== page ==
Newsletter

November/December 2014

Posted by Mark A. Puglisi, ACE on Mon, Nov 03, 2014 @ 10:58 AM

Pest Protection & PreventionDamp_Conditions

Most homes have moisture problems of some kind. Wood-destroying pests, including termites, carpenter ants, powderpost beetles, and decay fungi, are at their worst, and often get their start, in places around the home that are damp.

    Moisture can come from a variety of sources, including rainwater, leaky plumbing, and landscape irrigation. Here are a few important steps to take to reduce moisture around your home.

     Keep your roof gutters cleaned out and in good repair. Gutters that don't work properly often spill water onto the side of a home, causing moisture problems. If you have tree limbs hanging over your home, install mesh gutter guards to help keep leaves and other debris out of the gutters.

     After the water passes through your downspouts, channel it away from your home, rather than dumping it at the foundation where it will often seep under the foundation. Use a splash block or attach plastic tubing to the end of the downspout to carry the water away. Another method is to direct the water into subsurface perforated drainage pipes that are embedded in crushed rock.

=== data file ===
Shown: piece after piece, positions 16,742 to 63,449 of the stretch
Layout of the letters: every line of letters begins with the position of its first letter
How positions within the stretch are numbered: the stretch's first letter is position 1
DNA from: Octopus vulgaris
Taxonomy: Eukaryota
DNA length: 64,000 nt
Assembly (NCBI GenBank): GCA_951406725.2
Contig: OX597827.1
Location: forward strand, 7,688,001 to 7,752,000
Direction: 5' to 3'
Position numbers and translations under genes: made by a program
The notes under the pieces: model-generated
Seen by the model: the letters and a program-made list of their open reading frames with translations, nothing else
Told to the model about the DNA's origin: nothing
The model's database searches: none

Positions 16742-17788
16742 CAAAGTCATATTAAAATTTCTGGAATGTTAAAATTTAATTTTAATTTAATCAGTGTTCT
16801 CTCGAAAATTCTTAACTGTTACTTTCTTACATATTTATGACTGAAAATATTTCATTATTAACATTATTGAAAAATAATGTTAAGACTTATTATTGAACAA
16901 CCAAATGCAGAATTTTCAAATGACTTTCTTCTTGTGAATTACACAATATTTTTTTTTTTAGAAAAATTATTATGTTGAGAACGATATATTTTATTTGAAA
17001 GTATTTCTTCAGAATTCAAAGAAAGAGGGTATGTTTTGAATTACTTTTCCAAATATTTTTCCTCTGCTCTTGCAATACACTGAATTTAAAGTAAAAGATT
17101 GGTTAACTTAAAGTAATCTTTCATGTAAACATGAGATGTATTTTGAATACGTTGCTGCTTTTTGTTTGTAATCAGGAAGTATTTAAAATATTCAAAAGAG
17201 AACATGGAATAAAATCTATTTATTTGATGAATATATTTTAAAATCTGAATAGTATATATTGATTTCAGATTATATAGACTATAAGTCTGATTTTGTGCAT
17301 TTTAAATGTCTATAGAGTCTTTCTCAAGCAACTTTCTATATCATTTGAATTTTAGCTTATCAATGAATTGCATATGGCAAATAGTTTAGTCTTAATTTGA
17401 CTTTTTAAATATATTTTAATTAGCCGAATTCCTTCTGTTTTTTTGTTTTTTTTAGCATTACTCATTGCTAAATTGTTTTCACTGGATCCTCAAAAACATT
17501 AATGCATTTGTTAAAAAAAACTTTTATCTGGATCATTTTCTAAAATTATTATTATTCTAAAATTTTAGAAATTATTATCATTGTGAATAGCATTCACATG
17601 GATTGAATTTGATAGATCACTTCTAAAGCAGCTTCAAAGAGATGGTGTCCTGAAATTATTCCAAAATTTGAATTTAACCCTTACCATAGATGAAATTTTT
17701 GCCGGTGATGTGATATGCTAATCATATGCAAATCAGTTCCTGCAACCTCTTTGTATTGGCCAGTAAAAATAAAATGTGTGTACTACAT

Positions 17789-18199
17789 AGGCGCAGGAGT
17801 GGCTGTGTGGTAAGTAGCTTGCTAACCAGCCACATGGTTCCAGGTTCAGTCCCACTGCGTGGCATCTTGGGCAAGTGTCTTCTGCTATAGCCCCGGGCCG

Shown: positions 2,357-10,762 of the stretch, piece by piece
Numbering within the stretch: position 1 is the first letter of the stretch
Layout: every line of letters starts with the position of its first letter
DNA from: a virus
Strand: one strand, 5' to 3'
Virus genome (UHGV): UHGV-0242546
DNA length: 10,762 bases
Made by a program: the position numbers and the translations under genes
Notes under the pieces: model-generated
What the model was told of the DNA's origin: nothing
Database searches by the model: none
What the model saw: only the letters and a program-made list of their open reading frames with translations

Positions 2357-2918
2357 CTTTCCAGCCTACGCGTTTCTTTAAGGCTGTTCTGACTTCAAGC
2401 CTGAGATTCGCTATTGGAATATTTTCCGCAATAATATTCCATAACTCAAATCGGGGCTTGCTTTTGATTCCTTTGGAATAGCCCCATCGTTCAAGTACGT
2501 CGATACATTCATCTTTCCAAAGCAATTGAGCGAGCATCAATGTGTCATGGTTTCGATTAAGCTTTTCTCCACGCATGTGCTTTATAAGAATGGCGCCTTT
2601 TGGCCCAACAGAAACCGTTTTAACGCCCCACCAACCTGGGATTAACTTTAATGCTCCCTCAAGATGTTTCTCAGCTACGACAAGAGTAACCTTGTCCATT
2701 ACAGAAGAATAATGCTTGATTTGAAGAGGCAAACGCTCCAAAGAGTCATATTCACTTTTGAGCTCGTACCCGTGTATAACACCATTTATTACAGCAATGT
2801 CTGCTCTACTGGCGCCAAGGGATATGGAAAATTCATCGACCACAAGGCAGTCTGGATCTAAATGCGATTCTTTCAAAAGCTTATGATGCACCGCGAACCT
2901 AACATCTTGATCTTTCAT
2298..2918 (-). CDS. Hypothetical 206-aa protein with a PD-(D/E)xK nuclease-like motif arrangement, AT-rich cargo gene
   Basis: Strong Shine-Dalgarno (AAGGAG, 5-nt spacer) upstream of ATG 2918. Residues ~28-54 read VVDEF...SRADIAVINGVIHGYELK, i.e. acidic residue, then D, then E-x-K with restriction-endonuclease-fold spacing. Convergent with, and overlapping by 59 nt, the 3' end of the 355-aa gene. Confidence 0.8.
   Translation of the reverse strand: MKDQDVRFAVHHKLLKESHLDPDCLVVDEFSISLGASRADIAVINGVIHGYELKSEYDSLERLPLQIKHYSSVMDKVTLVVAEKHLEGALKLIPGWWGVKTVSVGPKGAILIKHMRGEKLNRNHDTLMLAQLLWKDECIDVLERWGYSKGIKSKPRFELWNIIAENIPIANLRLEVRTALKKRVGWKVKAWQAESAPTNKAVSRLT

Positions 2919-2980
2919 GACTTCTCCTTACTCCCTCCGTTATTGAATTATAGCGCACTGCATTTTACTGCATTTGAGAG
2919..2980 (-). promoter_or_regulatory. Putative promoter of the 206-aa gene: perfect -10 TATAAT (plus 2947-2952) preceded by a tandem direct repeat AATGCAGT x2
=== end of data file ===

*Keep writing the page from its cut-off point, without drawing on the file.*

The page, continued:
trim tree branches well away from your home, and thin trees to let in more sun. Prune any plant growth away from crawl space and attic vents. Make sure your home has a good coat of paint to seal out moisture. Check for drips from faucets and pipes.

     Finally, call us if you discover any of these or other moisure problems, especially if it has been more than two years since you've had a professional inspection for wood-destroying organisms.

Move-in Time for Mice & Rats